As a result, they are less likely to cope well with new visual stimuli. They might have a tendency to fear new people and have a harder time coping with changes to their living area. Seeing people, cats, or other animals outside can make them feel insecure and vulnerable to intrusion.

To reduce visual insecurity, place food and water bowls away from windows or glass doors where outdoor animals might be seen. If it isn’t possible to move resources to another location, try blocking the windows or doors so they will feel more visibly secure while attending to their needs.

Outside cats

The presence of roaming outdoor cats at doors and windows is a common trigger for indoor cats. Cats living inside may fear that an outside cat is intruding on their territory. Putting up barriers in front of sliding doors can help to deter outside cats from sitting close to the house.

If you have a cat door, your cats might be fearful of an outside cat intruding in their space. Blocking and eliminating cat doors or using a microchip device that prevents a roaming cat from entering your home are good ways to reduce this cause of anxiety and make your cats feel safe. 

Changes in environment

Cats are creatures of habit and generally don’t like change. Any changes or new situations in the home are likely to cause fear in anxious cats. Alterations in their environment, especially in the core area where they eat, sleep, and play, can cause stress. 

Visitors, new pets, and new objects brought into your home carry in new odors that some cats find difficult to cope with. Nervous cats also might be fearful of loud noises and unfamiliar sounds.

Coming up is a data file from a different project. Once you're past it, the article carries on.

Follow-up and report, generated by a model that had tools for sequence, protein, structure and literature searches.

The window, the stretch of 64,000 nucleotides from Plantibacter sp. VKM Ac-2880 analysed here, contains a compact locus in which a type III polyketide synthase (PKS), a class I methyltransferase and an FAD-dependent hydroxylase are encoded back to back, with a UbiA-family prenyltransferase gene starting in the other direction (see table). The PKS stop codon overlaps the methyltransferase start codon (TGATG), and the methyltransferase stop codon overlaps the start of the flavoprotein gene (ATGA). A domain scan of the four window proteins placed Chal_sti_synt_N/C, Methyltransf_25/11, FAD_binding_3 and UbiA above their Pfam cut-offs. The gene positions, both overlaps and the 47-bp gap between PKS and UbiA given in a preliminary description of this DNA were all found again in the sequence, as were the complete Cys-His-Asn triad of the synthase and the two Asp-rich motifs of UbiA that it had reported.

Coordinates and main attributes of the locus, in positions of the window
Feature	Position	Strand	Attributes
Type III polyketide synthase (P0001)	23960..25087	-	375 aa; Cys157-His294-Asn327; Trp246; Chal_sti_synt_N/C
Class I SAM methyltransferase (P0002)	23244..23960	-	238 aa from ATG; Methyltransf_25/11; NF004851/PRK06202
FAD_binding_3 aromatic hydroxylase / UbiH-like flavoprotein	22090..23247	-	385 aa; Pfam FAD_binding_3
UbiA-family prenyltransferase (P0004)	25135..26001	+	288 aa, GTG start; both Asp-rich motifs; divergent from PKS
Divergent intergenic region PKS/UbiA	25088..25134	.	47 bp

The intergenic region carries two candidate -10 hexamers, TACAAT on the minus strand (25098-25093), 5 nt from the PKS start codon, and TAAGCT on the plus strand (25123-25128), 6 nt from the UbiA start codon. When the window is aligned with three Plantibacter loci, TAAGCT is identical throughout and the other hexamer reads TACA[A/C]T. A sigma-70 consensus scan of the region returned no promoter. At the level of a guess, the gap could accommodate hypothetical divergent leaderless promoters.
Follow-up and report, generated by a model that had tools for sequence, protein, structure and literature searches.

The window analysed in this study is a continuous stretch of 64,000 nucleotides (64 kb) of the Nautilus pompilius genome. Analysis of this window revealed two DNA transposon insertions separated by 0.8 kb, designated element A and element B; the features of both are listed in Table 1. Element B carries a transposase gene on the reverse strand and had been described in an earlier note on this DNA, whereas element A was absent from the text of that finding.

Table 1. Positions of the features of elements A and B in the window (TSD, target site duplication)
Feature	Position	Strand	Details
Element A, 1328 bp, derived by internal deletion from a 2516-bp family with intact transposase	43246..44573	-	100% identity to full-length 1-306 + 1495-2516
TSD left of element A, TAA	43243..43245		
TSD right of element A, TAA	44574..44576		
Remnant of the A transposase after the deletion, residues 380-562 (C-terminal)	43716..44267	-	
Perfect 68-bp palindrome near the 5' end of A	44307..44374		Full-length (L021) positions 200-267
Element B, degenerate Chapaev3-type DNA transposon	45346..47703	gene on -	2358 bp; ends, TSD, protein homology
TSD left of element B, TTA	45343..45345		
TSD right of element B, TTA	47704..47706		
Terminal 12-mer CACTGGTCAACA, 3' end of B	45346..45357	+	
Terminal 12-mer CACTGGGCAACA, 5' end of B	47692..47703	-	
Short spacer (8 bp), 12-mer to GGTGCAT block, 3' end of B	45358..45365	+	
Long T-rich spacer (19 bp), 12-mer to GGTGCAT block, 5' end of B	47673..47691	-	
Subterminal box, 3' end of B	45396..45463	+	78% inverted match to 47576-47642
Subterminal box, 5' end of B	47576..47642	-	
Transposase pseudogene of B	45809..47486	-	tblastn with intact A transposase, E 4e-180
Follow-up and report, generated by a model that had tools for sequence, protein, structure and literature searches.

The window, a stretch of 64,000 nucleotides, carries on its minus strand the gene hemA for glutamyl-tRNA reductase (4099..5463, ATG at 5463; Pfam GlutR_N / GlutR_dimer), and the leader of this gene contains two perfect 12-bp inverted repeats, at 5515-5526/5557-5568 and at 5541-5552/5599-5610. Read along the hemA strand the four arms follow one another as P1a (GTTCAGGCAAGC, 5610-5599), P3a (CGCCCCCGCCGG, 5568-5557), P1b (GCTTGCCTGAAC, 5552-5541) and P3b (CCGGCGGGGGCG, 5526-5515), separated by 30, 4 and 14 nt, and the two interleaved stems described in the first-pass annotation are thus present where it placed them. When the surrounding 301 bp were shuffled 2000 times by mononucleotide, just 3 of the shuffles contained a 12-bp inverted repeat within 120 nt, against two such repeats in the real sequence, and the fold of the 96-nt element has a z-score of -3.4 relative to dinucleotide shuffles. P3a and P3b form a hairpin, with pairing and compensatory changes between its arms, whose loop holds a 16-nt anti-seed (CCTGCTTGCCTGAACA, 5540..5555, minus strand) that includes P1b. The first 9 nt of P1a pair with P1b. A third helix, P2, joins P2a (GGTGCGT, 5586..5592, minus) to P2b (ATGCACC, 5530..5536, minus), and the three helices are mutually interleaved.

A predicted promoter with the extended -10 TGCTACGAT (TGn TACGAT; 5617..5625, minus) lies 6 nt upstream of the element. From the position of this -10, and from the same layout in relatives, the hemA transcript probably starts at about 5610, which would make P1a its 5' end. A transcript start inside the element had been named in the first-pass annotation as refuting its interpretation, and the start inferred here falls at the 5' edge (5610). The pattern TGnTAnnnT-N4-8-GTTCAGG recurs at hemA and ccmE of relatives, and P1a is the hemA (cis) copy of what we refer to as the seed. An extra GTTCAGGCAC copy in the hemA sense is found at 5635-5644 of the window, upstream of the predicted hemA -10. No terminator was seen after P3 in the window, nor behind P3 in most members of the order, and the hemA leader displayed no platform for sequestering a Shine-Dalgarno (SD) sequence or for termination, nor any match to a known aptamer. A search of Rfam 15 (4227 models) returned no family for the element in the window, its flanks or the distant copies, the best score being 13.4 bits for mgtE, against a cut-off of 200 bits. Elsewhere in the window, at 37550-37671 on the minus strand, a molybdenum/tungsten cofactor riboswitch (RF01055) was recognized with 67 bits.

Large territory size

A large core territory size has some advantages because it reduces crowding. However, it also increases the size of the space a cat must defend and can make cats feel anxious and insecure. This is especially the case for shy, elderly, and/or frail cats. Confining cats to a smaller area with plenty of places to hide can help cats feel safe.

Human behavior

Human behavior can be a major cause of anxiety for cats. Most cat owners have good intentions and never mean to make their cats to feel anxious. Yet, certain actions by cat owners inadvertently add to the stress. Litter box management is one area that needs special attention. Any adverse association with the litter box can lead to problems.

Behaviors to avoid include giving medicine in the litter box, putting the litter box in a noisy area, and allowing children or pets to trap cats in the litter box. Cats have a range of litter box preferences when it comes to size, shape, and material. Learning the preferences of your cats and providing for them is helpful. Maintaining litter boxes and keeping them clean is a must.

Final thoughts

Providing a safe and comfortable home for multiple cats from different groups can be a challenge. Cats from different groups don’t always get along, and the feeling of competing for resources can be stressful for them. Understanding the causes of anxiety in cats is an important first step in bringing about a more calm and stress-free living situation for you and your feline companions.